Ford continues to participate in the work of the Blue Ribbon Panel through the Alliance. Phase I of the research has been completed, though some of the system targets were not achieved and remain to be addressed. Phase II has nonetheless begun, and will include demonstrating the technology in a test vehicle and with human subjects over the next two years.

New Crash-Test Dummies

Crash-test dummies are essential research tools that aid in the development of passive safety technologies, and Ford Motor Company continues to develop, often in partnership with other parties, more advanced test dummies.

From 2005 through 2010, Ford partnered with the Children’s Hospital of Philadelphia (CHOP), the University of Virginia, Virginia Tech and the Takata Corporation in a multi-year project to develop a new abdominal insert and sensor for a crash-test dummy representing a six-year-old child.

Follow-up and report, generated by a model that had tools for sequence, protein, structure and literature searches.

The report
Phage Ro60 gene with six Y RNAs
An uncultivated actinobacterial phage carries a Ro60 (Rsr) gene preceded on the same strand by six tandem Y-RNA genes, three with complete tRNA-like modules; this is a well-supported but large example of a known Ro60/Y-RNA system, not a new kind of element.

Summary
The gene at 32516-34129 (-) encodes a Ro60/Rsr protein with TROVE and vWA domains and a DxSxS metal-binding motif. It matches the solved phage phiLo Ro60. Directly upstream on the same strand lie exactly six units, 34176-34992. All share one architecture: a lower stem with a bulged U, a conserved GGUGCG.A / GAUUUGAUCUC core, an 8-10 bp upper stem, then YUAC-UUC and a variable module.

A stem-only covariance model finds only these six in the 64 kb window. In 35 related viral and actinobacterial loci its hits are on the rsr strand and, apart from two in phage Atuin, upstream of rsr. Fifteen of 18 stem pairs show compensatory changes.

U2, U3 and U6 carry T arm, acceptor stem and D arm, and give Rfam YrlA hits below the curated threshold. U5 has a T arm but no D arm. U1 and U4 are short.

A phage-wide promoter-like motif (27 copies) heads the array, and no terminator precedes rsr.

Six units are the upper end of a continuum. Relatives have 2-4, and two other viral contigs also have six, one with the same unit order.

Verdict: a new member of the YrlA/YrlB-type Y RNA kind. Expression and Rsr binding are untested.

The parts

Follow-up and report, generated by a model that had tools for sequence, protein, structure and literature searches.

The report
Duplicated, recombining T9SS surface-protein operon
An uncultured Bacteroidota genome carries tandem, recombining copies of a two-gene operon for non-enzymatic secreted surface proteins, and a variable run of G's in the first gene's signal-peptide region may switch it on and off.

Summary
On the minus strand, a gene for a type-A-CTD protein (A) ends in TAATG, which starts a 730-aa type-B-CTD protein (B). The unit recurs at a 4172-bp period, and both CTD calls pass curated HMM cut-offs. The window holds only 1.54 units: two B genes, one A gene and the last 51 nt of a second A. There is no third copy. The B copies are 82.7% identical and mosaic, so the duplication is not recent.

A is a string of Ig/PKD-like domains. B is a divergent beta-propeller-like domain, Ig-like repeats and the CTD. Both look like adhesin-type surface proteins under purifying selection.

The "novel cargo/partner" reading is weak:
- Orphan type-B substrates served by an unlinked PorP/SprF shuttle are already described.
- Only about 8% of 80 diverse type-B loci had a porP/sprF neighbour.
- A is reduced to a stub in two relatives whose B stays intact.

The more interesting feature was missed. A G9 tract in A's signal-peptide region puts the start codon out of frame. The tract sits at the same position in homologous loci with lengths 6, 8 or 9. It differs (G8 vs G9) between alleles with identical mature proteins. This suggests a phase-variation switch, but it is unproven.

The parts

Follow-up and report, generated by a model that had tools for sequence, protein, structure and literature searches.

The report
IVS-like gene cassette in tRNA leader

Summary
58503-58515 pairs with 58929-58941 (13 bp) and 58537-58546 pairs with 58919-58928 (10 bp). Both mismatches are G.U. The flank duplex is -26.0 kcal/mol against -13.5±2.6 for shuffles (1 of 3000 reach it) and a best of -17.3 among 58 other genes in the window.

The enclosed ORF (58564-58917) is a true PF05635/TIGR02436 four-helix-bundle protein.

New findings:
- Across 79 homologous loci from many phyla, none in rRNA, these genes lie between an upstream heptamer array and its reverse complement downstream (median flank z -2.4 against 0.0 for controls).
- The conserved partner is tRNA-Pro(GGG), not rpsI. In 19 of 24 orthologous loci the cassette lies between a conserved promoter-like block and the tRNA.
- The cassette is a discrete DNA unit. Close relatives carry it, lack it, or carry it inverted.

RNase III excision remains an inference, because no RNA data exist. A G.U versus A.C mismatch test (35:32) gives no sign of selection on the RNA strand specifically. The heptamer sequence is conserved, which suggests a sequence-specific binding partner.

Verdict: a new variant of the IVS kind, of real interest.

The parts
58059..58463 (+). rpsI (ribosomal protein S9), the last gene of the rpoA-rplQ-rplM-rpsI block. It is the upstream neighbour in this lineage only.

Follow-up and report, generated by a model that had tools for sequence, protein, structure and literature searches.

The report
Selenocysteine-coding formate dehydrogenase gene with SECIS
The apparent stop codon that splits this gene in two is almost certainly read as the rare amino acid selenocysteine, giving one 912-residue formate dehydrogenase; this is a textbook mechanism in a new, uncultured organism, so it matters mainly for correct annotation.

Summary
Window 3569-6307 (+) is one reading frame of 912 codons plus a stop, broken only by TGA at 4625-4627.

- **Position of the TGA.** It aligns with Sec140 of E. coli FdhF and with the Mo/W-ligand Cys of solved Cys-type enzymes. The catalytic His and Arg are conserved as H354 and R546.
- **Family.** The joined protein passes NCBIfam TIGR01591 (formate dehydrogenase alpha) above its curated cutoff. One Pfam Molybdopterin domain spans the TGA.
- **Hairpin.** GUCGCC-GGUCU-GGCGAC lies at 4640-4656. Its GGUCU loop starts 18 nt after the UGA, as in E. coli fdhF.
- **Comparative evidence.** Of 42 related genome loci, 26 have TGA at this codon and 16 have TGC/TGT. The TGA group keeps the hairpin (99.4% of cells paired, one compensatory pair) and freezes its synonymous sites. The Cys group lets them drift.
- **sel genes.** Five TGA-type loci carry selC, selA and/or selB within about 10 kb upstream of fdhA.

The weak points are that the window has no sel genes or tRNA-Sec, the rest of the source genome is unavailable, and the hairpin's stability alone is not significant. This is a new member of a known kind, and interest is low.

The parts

A “family” of crash test dummies

A “family” of crash test dummies

CHOP studies have shown that, in vehicle crashes, significant abdominal injury in four- to eight-year-old children is second in frequency of occurrence only to head and facial injuries. Abdominal injuries may occur when children who are too young (i.e., the four- to eight-year-old range) utilize adult restraint systems without a booster seat. The abdominal insert and sensor will allow restraint engineers industry-wide to test the potential for abdominal injuries in children and ultimately improve the development of in-vehicle restraint systems for younger children.